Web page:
We turn now to some general considerations applicable to all strip configurations and the magnetic systems formed thereby. First, let us consider the magnetic system formed by strips of ferromagnetic material having different hysteresis loops, as 71 and 72, FIG. 13. The magnetically harder material having coercive force H4, is described by loop 72, and the magnetically softer material, having coercive force H3, is described by loop 71. If each strip is completely isolated from the other, formed in a ring to close on itself so that such represents a closed magnetic system, and we applied a pulse of MMF sufficient to drive each into magnetic saturation at BS and Bs, respectively; once the pulse of MMF is removed, the magnetization in 71 will fall back to a flux value of Br on the ordinate where H is zero, and the magnetization in 72 will fall back to BR. If both strips represented perfectly open magnetic systems (an impossibility since any strip, however short, has some length), the magnetization would fall to zero flux at points H3 and H4, respectively. Since this is impossible, the magnetization in 71 will fall to some point between H3 and Br, and that in 72 to some point between H4 and BR, and the longer the strips the higher up on the curves will the points be. If infinitely long, the flux would fall only to Br and BR, respectively, the points of retentivity. The positions H3, H4, Br, and BR, or any points therebetween, are maintained by magnetic domain orientation in the strips, called permanent magnetism. If this orientation is sufficiently strong to resist all demagnetizing forces, including thermal agitation, magnetization in the strips will remain where it landed indefinitely.
With two unlike strips of ferromagnetic material, separated but in magnetic contact, the performance is a little different. An applied MMF raises both strips to saturation at Bs and BS, respectively. With the MMF released, the 71 material falls back along the demagnetization part of the hysteresis loop, through Br, and would stop somewhere between Br and H3 if 72 wasn't riding its back. The 72 material also falls back along its demagnetization curve through BR and +B1, and, too, would stop somewhere between B1 and H4 if 71 wasn't present to serve as a keeper. The result is, the 72 material having a prevailing coercive force, drives the weaker 71 material clear down into the third quadrant to -B1 where it adjusts to a flux value equal to +B1 in magnitude but of opposite direction of flow. This is how my deactivatable ferromagnetic marker of U.S. Pat. No. 3,747,086 operates when the marker is deactivated. When the marker is activated, the 72 material is demagnetized under well-known alternating current technics, and the 71 material freed to respond to the alternating fields of the interrogation zone.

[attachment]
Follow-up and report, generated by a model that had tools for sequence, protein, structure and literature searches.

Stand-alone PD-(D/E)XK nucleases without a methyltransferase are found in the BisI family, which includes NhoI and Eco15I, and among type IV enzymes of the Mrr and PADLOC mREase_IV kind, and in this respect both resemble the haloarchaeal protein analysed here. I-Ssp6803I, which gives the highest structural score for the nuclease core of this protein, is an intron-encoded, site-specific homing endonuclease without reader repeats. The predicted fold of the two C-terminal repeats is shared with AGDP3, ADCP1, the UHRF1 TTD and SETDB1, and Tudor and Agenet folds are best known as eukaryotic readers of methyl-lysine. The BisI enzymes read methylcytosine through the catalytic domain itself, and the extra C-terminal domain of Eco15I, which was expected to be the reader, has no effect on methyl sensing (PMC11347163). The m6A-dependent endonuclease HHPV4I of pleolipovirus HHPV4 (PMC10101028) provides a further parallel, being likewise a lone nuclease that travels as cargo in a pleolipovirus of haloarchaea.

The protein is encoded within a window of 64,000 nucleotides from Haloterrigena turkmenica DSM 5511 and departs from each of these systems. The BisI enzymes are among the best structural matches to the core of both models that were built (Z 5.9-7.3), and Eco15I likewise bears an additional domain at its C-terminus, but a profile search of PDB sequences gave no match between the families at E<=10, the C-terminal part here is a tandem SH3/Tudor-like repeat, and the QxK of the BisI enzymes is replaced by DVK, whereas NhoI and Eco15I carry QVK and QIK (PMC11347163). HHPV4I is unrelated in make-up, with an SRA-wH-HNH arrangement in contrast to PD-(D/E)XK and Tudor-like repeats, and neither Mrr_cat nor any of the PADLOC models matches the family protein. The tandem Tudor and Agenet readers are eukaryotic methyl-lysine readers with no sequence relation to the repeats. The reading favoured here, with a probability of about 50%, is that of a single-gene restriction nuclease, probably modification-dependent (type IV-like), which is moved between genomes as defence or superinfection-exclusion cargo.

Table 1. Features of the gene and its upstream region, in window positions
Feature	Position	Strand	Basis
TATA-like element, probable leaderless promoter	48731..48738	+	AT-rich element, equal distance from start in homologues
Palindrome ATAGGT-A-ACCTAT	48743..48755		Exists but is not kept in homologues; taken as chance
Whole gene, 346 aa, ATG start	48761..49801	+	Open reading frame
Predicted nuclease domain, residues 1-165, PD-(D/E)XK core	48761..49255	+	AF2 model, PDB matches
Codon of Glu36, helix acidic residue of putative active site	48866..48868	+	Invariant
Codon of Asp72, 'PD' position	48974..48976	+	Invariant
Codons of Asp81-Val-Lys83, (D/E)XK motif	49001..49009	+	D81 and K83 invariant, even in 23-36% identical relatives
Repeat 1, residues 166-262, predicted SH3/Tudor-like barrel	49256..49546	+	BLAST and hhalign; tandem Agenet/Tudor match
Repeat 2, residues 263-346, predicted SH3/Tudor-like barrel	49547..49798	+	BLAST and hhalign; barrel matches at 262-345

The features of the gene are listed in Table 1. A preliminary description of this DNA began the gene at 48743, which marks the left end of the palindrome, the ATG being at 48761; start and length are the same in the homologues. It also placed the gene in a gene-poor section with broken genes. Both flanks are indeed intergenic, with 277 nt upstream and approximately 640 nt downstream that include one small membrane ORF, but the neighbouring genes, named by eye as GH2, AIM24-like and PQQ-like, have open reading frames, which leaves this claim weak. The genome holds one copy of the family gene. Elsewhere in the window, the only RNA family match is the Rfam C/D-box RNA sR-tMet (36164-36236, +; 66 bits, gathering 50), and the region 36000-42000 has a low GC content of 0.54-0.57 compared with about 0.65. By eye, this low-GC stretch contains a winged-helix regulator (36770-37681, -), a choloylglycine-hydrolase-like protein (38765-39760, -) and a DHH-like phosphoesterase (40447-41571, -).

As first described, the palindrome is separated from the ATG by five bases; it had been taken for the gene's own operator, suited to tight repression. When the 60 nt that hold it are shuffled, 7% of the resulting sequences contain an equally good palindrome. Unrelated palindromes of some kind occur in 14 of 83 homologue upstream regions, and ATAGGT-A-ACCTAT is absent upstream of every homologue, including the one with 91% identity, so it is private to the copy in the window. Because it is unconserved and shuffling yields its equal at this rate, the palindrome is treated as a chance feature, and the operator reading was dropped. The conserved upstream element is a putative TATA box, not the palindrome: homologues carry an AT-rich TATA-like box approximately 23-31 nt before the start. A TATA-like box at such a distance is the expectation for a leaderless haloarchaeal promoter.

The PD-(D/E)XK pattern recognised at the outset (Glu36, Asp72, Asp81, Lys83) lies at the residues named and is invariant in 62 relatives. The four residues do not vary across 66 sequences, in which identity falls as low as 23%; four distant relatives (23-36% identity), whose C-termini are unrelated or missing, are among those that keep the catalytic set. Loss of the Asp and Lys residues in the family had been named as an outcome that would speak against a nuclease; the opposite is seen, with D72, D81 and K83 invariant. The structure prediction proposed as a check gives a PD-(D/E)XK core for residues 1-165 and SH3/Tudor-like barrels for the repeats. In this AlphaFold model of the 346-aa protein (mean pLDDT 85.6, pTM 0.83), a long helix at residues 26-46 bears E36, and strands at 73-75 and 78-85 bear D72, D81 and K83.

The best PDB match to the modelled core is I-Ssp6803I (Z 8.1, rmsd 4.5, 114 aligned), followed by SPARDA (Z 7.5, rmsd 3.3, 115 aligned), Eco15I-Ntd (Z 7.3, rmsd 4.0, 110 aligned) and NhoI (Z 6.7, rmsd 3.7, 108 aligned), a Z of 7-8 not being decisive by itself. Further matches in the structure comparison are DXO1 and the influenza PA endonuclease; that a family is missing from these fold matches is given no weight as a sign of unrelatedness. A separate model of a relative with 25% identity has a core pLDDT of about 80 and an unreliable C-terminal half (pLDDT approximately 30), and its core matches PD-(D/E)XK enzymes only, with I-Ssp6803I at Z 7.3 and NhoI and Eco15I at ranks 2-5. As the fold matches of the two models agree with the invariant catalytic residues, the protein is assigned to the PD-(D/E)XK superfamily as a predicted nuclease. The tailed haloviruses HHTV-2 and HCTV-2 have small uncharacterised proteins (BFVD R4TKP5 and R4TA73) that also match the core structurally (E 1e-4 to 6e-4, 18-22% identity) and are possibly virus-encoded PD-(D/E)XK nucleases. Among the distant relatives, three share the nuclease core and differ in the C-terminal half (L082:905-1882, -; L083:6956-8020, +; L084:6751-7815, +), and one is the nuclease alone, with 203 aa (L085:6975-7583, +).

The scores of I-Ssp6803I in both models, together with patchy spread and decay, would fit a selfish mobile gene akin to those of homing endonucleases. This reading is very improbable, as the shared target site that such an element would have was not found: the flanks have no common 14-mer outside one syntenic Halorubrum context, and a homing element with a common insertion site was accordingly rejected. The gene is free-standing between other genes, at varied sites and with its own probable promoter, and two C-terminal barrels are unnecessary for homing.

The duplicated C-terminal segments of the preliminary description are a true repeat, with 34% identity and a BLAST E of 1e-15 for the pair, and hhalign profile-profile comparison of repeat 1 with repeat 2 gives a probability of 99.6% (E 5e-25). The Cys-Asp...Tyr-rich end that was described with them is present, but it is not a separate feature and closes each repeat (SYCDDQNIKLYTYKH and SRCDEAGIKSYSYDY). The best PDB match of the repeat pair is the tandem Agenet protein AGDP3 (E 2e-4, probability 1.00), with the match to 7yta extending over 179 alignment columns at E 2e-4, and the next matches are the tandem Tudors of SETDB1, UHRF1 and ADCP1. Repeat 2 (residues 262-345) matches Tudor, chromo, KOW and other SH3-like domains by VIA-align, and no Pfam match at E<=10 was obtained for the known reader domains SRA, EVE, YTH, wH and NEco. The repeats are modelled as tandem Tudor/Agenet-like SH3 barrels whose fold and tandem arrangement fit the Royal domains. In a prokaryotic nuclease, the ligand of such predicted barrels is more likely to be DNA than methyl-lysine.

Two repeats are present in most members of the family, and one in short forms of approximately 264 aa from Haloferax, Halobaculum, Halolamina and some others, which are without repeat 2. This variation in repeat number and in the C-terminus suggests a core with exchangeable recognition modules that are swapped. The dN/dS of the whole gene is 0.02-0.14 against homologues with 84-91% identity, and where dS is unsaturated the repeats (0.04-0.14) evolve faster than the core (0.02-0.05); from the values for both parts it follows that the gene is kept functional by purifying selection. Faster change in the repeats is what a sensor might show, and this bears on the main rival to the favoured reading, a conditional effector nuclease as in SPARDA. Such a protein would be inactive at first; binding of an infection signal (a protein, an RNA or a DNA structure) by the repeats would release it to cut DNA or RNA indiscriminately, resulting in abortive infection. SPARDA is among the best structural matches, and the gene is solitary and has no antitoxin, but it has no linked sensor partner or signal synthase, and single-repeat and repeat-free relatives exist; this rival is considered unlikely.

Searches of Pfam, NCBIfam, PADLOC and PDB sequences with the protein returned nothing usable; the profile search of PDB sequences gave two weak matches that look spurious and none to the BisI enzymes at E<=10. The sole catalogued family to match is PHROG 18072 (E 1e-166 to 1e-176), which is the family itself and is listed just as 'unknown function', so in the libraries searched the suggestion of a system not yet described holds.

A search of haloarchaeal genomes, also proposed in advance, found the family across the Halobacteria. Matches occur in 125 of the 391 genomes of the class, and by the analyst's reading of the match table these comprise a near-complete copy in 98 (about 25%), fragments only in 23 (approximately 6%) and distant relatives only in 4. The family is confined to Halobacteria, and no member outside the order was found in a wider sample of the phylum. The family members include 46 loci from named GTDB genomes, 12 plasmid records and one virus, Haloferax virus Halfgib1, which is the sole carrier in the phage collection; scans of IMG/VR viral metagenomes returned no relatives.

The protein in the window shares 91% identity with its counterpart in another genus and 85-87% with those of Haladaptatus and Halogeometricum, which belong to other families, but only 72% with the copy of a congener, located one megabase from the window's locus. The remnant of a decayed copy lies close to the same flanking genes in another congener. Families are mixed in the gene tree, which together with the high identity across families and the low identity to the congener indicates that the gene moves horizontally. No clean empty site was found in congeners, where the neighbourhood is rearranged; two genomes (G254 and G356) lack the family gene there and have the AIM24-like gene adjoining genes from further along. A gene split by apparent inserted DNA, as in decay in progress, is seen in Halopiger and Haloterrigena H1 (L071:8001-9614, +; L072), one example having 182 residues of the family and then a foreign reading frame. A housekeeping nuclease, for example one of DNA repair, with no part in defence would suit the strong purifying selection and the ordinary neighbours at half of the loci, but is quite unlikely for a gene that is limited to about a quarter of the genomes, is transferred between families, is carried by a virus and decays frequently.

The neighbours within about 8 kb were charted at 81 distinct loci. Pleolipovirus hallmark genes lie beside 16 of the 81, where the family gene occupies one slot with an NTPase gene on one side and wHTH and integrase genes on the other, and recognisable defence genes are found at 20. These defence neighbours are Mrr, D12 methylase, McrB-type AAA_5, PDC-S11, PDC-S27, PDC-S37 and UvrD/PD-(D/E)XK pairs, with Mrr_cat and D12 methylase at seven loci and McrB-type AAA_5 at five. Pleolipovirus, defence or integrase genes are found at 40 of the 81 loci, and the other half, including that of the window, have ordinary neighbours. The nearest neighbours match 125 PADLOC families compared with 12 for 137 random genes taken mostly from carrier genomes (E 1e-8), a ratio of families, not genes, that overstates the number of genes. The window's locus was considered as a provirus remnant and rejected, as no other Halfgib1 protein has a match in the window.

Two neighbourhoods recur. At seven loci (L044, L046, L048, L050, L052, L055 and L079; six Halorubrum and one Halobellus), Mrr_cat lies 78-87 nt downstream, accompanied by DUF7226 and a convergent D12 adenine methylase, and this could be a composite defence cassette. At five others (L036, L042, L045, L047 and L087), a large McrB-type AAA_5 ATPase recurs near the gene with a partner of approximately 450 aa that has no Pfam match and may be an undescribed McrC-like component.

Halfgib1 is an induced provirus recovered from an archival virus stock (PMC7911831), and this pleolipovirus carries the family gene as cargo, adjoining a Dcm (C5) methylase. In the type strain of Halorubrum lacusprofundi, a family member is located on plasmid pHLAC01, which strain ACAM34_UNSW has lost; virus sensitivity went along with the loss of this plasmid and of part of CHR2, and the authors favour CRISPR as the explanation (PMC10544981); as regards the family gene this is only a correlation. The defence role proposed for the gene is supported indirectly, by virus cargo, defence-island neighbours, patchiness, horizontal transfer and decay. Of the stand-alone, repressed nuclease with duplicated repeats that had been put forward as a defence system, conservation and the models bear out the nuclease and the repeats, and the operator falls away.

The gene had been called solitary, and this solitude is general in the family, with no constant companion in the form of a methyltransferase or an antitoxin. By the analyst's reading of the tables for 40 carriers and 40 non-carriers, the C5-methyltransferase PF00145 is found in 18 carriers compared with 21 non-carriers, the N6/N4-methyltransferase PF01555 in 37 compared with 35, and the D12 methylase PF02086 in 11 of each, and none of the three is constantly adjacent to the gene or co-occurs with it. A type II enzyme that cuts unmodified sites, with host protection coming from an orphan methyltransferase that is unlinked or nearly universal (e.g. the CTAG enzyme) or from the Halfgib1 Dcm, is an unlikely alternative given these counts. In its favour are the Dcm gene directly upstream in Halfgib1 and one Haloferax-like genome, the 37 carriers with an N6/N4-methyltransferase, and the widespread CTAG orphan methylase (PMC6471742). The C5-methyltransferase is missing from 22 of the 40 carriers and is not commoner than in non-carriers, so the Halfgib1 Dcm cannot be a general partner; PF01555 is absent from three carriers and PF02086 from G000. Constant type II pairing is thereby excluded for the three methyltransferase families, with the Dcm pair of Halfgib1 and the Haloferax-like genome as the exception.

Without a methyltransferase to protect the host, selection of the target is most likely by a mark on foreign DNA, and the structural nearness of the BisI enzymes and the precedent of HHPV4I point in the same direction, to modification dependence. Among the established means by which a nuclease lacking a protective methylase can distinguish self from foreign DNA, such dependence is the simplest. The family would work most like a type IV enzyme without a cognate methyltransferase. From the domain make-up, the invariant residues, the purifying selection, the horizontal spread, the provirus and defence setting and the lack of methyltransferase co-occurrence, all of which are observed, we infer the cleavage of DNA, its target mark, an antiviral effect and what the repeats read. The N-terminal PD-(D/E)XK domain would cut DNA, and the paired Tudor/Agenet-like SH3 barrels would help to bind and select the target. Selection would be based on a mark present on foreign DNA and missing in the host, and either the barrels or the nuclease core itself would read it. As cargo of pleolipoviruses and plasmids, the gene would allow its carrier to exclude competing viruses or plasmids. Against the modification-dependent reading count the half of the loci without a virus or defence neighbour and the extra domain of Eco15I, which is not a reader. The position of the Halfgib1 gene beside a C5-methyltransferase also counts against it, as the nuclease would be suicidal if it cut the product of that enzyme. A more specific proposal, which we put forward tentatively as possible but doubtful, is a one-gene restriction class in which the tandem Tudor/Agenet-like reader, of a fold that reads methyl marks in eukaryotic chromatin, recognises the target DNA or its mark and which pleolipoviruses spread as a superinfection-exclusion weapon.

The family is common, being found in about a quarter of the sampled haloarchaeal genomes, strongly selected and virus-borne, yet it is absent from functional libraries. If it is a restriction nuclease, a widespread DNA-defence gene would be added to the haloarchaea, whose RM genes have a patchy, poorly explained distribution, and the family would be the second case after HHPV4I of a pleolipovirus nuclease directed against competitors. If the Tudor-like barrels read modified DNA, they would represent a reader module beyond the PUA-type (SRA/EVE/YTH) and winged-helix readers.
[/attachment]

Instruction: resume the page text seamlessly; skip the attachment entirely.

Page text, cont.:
With two identical strips of ferromagnetic material, separated by a gap but otherwise in magnetic contact, the performance is quite different yet. To explain the operation of this arrangement we are obliged to refer to FIG. 14 where two identical hysteresis loops, 81 and 82 are displayed. Normally, 82 would be the lower half of 81, and 81 would be the upper half of 82. Think of the two curves as separated and applying to two separated strips of identical ferromagnetic material. With a pulse of positive MMF simultaneously applied, strip 11 is driven into saturation at +BS, and strip 12 is driven into saturation at -BS with a similar pulse of negative MMF. With the MMF's removed, strip 11 relaxes and falls back along its demagnetization curve, through P, +BR and R, etc.,; 12 relaxes and falls back along its demagnetization curve, through P',-BR, and R', etc. The demagnetization of each strip will stop at some points such as R and R' where the coercive forces, +H and -H, are equal and opposite. The operating line of this system, therefor, is along the line ROR' through the origin. If the material used in strips 11 and 12 is properly selected, and the two strips cut as identically as we can make them, they will be unable to demagnetize each other and will simply operate in offset positions as illustrated.
When situated in an interrogation zone and driven by an alternating mmf, such as 83 in FIG. 14, strip 11 will be driven to P on the positive half cycles, and to R on the negative half cycles producing the wave of flux 84, 85 in 11 and surrounding area. Strip 12 will be driven to R' on the positive half cycles, and to P' on the negative half cycles. If the two strips 11 and 12 are symmetrically situated in the integration zone, as in the center of the doorway loop, FIG. 15, the positive half cycle response, 84, of strip 11, will be cancelled by the negative half-cycle response, 87, of strip 12, and the negative half cycle responses, 85, of 11, by the positive half cycle responses, 86, of 12, and the harmonic pickup will go through a null, as already described. When, however, the strips 11 and 12 are not symmetrically situated in the interrogation zone, as on either side of the doorway, an even-ordered harmonic signal will be produced, also as already described.
The situation when strips 11 and 13 are aiding each other can best be described by introducing a left-handed coordinate system for strip 13. The magnetization loops will then appear in quadrants I and IV, respectively, and the de-magnetization loops in quadrants II and III. The strips will then operate along the line RS' with a mutual coercive force -H. When an alternating mmf is applied to this configuration of strips in an interrogation zone, the small flux responses 74 and 76, and the large flux responses 75 and 77, will occur on different half cycles of the interrogation zone field, and will not cancel but will predominately produce the fundamental and odd harmonics, also as previously described.